The move drew swift condemnation from Democrats and threats from state attorneys general in New York and California to file lawsuits.

Trump has been frustrated by Republicans' failure to repeal and replace the law known as Obamacare, thwarting a promise he made during his successful 2016 presidential campaign.

His decision is likely to please those among his political base who detest the Obamacare system, which many Republicans have attacked for years as an unneeded government intrusion in Americans' healthcare.

In a nod to that same constituency, the president signed an executive order earlier on Thursday to make it easier for Americans to buy bare-bones health insurance plans exempt from Obamacare requirements.

Senate Democratic Leader Chuck Schumer and House Democratic Leader Nancy Pelosi derided the subsidies cut-off in a joint statement, saying Trump would single-handedly push Americans' healthcare premiums higher.

"It is a spiteful act of vast, pointless sabotage leveled at working families and the middle class in every corner of America," they said. "Make no mistake about it, Trump will try to blame the Affordable Care Act, but this will fall on his back and he will pay the price for it."

Insurers and proponents of Obamacare have implored Trump for months to commit to making the payments, which are worth billions of dollars. Several insurers have cited uncertainty over the payments when hiking premiums for 2018 or exiting insurance markets altogether.

Healthcare stocks have edged lower in recent days. Ending the payments could hurt shares of insurers such as Anthem Inc, Molina, Cigna Corp and Centene, which are offering plans on Obamacare markets for 2018.

Trump has made the payments, guaranteed to insurers under Obamacare to help lower out-of-pocket medical expenses for low-income consumers, each month since taking office in January. But he has repeatedly threatened to cut them off and disparaged them as a "bailout" for insurance companies.

LAWSUITS

The White House said late on Thursday that it could not lawfully pay the subsidies anymore.

A White House statement said that based on guidance from the Justice Department, "the Department of Health and Human Services has concluded that there is no appropriation for cost-sharing reduction payments to insurance companies under Obamacare."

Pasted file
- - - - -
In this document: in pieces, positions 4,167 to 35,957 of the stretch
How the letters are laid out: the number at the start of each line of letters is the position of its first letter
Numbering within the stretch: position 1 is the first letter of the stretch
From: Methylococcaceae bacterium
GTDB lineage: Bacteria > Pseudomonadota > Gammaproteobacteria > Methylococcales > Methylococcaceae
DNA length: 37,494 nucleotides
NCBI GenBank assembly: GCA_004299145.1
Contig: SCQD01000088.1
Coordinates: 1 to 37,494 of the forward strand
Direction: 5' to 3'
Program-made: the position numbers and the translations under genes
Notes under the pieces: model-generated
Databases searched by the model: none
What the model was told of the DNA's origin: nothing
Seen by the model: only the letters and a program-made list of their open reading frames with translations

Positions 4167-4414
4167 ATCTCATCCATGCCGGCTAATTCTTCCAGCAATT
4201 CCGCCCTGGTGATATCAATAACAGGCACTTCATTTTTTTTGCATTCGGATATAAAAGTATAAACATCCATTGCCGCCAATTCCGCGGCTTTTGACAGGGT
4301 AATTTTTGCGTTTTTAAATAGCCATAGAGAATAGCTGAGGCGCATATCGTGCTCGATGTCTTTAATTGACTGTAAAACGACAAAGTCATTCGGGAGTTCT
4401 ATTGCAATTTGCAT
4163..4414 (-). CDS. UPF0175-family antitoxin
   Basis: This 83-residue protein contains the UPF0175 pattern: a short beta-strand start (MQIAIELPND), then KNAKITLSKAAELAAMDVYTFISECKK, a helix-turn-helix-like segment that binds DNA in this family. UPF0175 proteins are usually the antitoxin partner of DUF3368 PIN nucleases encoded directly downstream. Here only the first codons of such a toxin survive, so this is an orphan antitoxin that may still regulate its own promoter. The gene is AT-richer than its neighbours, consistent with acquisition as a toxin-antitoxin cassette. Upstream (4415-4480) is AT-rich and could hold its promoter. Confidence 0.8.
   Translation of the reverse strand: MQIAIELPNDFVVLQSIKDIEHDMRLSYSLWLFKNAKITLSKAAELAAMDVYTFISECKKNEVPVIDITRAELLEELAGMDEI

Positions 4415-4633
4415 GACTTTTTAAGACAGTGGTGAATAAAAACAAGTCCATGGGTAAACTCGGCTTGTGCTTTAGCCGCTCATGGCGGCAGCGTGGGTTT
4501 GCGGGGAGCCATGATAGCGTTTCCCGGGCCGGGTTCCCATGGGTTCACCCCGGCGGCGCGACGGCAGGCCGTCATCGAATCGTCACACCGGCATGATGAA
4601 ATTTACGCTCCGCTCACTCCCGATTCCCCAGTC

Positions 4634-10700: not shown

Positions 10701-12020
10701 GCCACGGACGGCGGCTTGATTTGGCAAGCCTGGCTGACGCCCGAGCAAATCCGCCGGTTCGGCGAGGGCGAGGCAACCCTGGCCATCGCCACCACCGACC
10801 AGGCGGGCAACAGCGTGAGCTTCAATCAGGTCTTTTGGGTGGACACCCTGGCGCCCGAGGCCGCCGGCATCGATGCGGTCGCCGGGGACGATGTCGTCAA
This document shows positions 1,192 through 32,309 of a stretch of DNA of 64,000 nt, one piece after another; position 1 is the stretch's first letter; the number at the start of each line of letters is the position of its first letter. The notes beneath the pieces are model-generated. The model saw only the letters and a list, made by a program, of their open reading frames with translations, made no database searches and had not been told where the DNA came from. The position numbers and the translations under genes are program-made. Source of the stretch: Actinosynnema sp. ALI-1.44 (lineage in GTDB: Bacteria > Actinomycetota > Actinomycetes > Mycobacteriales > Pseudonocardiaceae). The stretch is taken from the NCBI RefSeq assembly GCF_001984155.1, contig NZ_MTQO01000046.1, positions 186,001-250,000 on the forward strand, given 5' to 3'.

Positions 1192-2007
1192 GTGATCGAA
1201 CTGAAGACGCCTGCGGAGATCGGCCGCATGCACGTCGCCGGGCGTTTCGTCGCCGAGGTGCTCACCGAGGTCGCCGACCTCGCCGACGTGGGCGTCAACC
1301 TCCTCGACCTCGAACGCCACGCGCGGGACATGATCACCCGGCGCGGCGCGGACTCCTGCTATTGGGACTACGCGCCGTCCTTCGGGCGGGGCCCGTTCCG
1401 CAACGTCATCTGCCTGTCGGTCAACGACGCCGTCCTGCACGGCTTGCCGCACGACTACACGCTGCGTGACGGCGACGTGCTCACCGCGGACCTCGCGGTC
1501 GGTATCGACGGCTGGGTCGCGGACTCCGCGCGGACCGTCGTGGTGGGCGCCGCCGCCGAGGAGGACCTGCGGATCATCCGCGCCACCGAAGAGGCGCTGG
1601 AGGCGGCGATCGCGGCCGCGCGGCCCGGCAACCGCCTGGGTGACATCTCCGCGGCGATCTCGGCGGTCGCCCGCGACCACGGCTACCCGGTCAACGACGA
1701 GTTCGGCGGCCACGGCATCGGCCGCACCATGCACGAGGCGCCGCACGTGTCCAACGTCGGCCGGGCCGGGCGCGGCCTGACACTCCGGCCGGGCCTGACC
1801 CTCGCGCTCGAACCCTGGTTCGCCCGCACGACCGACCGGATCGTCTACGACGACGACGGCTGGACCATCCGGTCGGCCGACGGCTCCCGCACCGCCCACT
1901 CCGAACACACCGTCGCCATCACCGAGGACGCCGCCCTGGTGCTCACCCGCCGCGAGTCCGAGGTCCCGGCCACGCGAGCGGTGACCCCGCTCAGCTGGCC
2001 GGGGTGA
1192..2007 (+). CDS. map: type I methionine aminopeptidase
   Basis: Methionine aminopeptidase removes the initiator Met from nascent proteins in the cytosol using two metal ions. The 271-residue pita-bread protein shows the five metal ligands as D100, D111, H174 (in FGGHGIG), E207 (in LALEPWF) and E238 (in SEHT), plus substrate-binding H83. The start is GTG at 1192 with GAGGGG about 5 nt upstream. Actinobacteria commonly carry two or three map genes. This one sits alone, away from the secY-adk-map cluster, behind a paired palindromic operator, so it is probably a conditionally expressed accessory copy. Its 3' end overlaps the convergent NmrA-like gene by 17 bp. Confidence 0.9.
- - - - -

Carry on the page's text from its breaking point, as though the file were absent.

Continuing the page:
"In light of this analysis, the Government cannot lawfully make the cost-sharing reduction payments," it said.

New York Attorney General Eric T. Schneiderman said in a statement he was prepared to lead other attorneys general in a lawsuit.

"I will not allow President Trump to once again use New York families as political pawns in his dangerous, partisan campaign to eviscerate the Affordable Care Act at any cost," he wrote.

The payments are the subject of a lawsuit brought by House Republicans against the Obama administration that alleged they were unlawful because they needed to be appropriated by Congress. A judge for the federal district court for the District of Columbia ruled in favor of the Republicans, and the Obama administration appealed the ruling.

The Trump administration took over the lawsuit and had delayed deciding whether to continue the Obama administration’s appeal or terminate the subsidies, but in April Trump began threatening to stop the payments. That case became more complicated in August when a U.S. appeals court allowed 16 Democratic state attorneys general to defend the payments and have a say in the legal fight.

The political turbulence has affected insurers' decisions.

Anthem Inc, one of the largest remaining Obamacare insurers, in August scaled back its offerings in Nevada and Georgia and blamed the moves in part on uncertainty over the payments.

Blue Cross and Blue Shield of North Carolina earlier this year raised premiums by more than 20 percent, but said it would have only raised premiums by about 9 percent if Trump agreed to fund the payments.

The nonpartisan Congressional Budget Office estimated that cutting off the insurer payments would cause premiums to rise 20 percent in 2018, and said that 5 percent of Americans would live in areas that do not have an insurer in the individual market in 2018.

Trump has taken a number of other steps to undermine Obamacare. Last week, the Department of Health and Human Services issued rules that let businesses or non-profit organizations lodge religious or moral objections to obtain an exemption from Obamacare’s mandate that employers provide birth control in health insurance with no co-payment.